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A year ago today, our stalwart Pro-Life governor, Rick Perry, signed a piece of monumental legislation that changed the landscape of abortion and women’s health in our state for the better. On this day in 2013, House Bill 2 became the strongest Pro-Life law in Texas since the detrimental provisions of Roe v. Wade took effect in 1973. In that 40-year span, Texas has lost upwards of millions innocent pre-born children. HB2 was a crucial step toward ending the scourge of abortion in Texas.
The passage of HB2 helped both women and children of the state of Texas. The law guarantees protection to preborn children at five months of pregnancy who are capable of feeling excruciating pain. Prior to HB2, unborn children capable of feeling the unfathomable pain of dismemberment by abortion were not protected, but today, our state recognizes its interest in protecting these tiny Texans.
HB2 was an encouraging, monumental step that propels us forward to keep fighting not only for Texas families, but also pregnant women.
As a result of the highly-publicized debate over HB2 last year, many Texans learned truths about preborn pain that the abortion industry has tried to shroud – abetted by the mainstream media – for years. Those who could not escape headlines learned that at 20 weeks – and likely earlier—unborn children can undeniably feel the torturous pain of abortion as they die. The majority of Texans united and told their legislators about the inhumanity of late-term abortion. Legislators responded accordingly and particularly after the “Stand for Life” Rally at the State Capitol in favor of the five-month abortion ban found in HB2. The voices at the rally and in the hallways at the Capitol were far louder (not to mention peaceful and respectful) than that the angry shouts of the abortion mob.
In the year since passage, HB2’s requirements have led to the closing of at least fourteen abortion mills in the state. Prior to HB2, these mills were running without some of the most fundamental safety and medical precautions or oversight. Included in the new standards are basic ambulatory surgical center features in facilities, local hospital admitting privileges for abortionists, and FDA protocol for the distribution of fatal abortion-inducing drugs. HB2 did not enact any radical Pro-Life standards, rather, the new law codified the most rudimentary precautions for women’s safety.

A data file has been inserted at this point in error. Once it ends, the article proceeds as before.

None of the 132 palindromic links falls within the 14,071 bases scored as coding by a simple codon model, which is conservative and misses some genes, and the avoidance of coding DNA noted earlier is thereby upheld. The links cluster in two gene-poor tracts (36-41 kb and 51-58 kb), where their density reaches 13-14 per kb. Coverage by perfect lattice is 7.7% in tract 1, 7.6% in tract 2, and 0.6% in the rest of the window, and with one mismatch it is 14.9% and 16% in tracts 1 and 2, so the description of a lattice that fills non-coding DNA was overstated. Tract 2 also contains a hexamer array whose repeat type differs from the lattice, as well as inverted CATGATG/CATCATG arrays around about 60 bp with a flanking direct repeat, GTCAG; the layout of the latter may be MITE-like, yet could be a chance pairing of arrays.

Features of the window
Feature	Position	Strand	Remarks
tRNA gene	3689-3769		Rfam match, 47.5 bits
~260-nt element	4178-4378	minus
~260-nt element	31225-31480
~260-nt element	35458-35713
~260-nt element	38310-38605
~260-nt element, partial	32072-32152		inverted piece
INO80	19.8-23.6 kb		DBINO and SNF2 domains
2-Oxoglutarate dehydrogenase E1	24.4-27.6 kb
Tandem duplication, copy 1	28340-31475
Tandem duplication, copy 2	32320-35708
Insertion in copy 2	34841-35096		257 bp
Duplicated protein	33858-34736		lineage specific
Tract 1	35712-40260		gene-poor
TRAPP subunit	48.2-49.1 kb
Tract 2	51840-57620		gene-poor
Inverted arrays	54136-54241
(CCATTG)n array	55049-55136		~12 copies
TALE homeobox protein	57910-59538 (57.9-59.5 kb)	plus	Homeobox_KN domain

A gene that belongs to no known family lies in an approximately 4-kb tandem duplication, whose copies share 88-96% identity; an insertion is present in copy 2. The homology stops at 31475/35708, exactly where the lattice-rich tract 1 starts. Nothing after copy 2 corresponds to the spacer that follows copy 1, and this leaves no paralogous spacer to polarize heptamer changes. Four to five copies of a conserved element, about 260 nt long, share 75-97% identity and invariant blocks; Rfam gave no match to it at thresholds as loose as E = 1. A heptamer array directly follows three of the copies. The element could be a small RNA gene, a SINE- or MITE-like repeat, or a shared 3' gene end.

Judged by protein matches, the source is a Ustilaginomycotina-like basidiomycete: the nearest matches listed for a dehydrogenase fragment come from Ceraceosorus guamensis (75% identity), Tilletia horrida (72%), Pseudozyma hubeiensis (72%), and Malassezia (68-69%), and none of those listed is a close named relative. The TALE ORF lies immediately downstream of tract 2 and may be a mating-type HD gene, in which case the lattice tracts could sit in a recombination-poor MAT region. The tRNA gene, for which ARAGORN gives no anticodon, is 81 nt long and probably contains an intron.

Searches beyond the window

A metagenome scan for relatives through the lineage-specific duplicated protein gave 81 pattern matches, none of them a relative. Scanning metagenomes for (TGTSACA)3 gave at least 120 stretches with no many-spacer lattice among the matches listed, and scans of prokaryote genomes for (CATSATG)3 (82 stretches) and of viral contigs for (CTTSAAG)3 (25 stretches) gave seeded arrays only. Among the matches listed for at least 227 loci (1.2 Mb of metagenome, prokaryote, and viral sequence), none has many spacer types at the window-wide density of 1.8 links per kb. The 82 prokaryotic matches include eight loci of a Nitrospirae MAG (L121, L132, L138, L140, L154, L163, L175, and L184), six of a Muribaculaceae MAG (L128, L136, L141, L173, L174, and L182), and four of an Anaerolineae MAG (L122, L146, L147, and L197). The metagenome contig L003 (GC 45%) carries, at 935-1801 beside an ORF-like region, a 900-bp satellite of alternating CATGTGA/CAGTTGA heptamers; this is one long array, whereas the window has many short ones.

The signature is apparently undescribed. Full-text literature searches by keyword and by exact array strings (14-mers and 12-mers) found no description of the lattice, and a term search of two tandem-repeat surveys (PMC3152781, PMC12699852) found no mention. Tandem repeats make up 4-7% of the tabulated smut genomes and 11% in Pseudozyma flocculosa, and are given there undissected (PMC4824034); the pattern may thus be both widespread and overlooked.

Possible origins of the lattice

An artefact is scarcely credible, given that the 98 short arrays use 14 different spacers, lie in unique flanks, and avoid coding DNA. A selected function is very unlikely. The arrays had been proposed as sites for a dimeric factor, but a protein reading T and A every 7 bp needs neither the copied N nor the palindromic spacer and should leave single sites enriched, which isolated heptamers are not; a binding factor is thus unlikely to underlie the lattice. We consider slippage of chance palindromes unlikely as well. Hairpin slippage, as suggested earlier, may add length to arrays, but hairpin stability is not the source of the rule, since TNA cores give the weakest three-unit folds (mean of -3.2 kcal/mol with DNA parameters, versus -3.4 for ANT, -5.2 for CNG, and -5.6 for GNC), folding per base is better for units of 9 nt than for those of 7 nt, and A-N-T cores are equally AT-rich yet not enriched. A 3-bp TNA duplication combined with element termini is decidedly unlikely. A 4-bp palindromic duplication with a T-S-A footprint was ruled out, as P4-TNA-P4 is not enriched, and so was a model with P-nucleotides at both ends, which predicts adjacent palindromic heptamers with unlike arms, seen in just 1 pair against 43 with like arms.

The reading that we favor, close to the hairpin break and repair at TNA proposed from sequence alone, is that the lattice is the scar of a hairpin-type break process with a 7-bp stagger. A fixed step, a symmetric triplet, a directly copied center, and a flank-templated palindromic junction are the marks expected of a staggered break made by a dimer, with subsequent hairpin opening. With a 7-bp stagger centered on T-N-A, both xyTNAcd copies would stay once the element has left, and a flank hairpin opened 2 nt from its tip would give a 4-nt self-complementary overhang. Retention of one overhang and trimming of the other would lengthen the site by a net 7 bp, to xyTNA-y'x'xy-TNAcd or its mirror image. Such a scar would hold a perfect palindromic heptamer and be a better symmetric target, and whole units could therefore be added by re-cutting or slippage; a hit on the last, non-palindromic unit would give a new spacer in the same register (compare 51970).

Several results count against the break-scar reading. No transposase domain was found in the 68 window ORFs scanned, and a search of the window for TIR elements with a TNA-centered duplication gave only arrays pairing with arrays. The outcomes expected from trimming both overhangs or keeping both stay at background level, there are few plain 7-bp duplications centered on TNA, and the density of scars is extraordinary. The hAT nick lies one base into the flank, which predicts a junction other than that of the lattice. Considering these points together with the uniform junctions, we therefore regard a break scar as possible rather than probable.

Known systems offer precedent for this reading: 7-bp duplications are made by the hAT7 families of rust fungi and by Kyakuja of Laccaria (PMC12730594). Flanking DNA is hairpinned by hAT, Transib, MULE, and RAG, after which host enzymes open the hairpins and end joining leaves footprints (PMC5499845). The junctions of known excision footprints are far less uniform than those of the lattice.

Because of these strides for women’s health, deaths like that of Karnamaya Mongar in Philadelphia, whose paramedics could not extract her stretcher out of Kermit Gosnell’s narrow hallways, will be prevented. Abortionists will not be able to prioritize their own convenience and personal profit ahead of patient wellbeing. Additionally, the new FDA protocol for the RU-486 pill, abortionists must now be present to administer the abortion-inducing drugs to pregnant mothers. These steps make Texas a safer place for women and the pre-born.
While we celebrate the passage of HB2 and the lives spared from abortion, we still have a long battle ahead before Texas is abortion-free. Many states followed Texas’ pioneering lead by introducing similar Life-affirming legislation in their state legislatures after HB2 succeeded. States like Mississippi have worked toward maternal-fetal protections with 20-week bans on abortion. In the process, Americans have collectively grown more educated about the gruesome realities of abortion, and this is an invaluable step toward abolishing abortion. Education is a crucial part of Texas Right to Life’s action plan for restoring America’s Culture of Life.